Doc Popcorn, known for its kettle-cooked popcorn, has raised more than $12,000 for the National Breast Cancer Foundation (NBCF) during the brand’s Popping for Pink fundraising campaign this year. With these funds raised, Doc Popcorn will enable NBCF to provide free mammograms to more than 100 women in need. Since 2012, Doc Popcorn has raised more than $30,000 in total contributions to breast cancer research.
Doc Popcorn announced that it plans to add 100 new units in Chile and Peru over the next 15 years following a recently executed master franchise agreement with Alice Keh and her husband, Patricio Haristoy. The first Doc Popcorn location will open in the couple’s hometown of Santiago, Chile.
Alice, who was originally born in the U.S., will lead day-to-day operations for the Doc Popcorn business in Chile and Peru, while her Chilean husband, Patricio, will oversee the strategic and legal aspects of the company.
Doc Popcorn, the maker of kettle-cooked popcorn and other popcorn treats, has awarded a multi-unit franchise opportunity to local husband and wife, Sam and Mary Sanchez, and their son, Eugene, to develop three Doc Popcorn locations in the Los Angeles area. They recently opened their first location at the Stonewood Center shopping mall in Downey and are currently looking into sites for their next location.
Snacking between meals has etched out its own niche, turning the tables on the traditional three-daypart model. The resulting shift in restaurant dayparts has quick-service operators working hard to attract snackers, especially those seeking healthy snacks to suit their active lifestyles.
Consumers are paying more attention to healthy menu items, according to the National Restaurant Association’s 2014 Restaurant Industry Forecast. Seventy-two percent of consumers say they are more likely to visit a restaurant with healthy items on the menu, according to the report.
Doc Popcorn is going pink this October to raise awareness for breast cancer, a disease that affects one in eight American women.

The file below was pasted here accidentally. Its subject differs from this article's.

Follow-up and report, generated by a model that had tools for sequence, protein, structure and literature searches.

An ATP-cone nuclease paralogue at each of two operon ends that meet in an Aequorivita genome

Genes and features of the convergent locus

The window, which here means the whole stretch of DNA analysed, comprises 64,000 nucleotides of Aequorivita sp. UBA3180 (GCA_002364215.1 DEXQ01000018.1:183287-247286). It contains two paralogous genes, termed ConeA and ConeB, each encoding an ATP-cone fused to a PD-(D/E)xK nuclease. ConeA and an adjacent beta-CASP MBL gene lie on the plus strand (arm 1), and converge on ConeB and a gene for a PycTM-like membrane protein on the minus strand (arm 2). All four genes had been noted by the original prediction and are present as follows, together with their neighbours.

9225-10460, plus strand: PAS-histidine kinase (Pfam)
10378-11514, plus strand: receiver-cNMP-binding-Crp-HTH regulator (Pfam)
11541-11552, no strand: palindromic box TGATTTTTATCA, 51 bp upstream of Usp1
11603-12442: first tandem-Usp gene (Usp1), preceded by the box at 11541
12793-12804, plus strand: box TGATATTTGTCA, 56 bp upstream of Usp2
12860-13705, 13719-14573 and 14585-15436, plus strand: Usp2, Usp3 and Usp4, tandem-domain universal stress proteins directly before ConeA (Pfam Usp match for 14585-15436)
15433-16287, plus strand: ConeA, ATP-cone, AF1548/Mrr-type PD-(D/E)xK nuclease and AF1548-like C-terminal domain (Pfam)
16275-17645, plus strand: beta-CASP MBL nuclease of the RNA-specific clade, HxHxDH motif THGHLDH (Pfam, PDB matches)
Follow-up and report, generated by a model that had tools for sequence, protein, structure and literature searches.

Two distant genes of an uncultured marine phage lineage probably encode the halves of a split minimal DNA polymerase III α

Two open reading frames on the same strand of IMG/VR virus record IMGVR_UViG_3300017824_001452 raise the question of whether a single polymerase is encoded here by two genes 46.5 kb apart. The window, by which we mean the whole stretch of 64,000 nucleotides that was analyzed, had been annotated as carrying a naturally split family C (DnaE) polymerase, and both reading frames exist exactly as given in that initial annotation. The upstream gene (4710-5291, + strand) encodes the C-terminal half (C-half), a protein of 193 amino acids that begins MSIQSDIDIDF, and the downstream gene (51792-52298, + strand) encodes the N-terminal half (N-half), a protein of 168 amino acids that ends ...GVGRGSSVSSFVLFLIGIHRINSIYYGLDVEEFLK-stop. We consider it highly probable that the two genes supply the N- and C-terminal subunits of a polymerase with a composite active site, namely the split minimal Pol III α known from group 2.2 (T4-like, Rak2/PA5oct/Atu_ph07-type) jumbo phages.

The snack leader has developed a new limited-edition flavor in honor of National Breast Cancer Awareness Month dubbed Sweet Pink, a kettle-cooked popcorn with a cherry-flavored pink glaze. The specialty flavor, which will be released during the chain’s annual Popping for Pink fundraising campaign for the National Breast Cancer Foundation Inc. (NBCF), will be available for purchase online at and in participating Doc Popcorn locations nationwide.
Forget the rock-hard pretzels and suspicious-looking hot dogs that cart vendors were once known for. Nowadays, the mobile foodservice space is populated by specialty coffee concepts, gourmet popcorn carts, and Korean barbecue on wheels. And business is booming for these operators as they look to economize and get in front of consumers in new ways.
Dippin’ Dots Franchising LLC, the franchising arm of the flash-frozen ice cream maker Dippin’ Dots, announced that it has acquired snack franchisor Doc Popcorn. Based in Boulder, Colorado, Doc Popcorn’s franchise footprint includes nearly 100 franchise partners in 30 states, Japan, Mexico, and Puerto Rico.
Doc Popcorn continues to increase its franchise footprint overseas with its first location set to open in Japan on May 31, 2014.
Nearly three months after the master franchise agreement with FSPlanning was finalized, the first of at least 10 new locations planned for Japan will open in the Harajuku Tokyu Plaza. The new destination,”PopShop,” introduces a new model to the franchise system's portfolio, which provides customers with an expanded in-store experience. This is in addition to Doc Popcorn's “PopKiosk” and mobile “PopCart” models seen stateside.
Doc Popcorn signed a master franchise agreement to develop 10 PopShop locations in Japan.
The international development will be led by the FS Planning ownership group, comprised of franchise partners Takeshi Furuhara, Masahiro Saito, and Yu Abe. The first Doc Popcorn PopShop location is expected to open in the Omotesando area in Tokyo. The franchise group plans to open at least one location every year over the next 10 years.
When Arianne Bennett opened the Amsterdam Falafelshop in Washington, D.C., in 2004, she had some ambitious sustainability aims: green products, solar power, composting, community dumpsters. She had a vision of creating her own eco-friendly utopia in a world only then beginning to ride the sustainability wave, an adventure then entwined with environmental stewardship.
“We wanted to be as lean as possible … and we were careful about everything from the packaging we chose to the number of napkins we distributed,” Bennett says.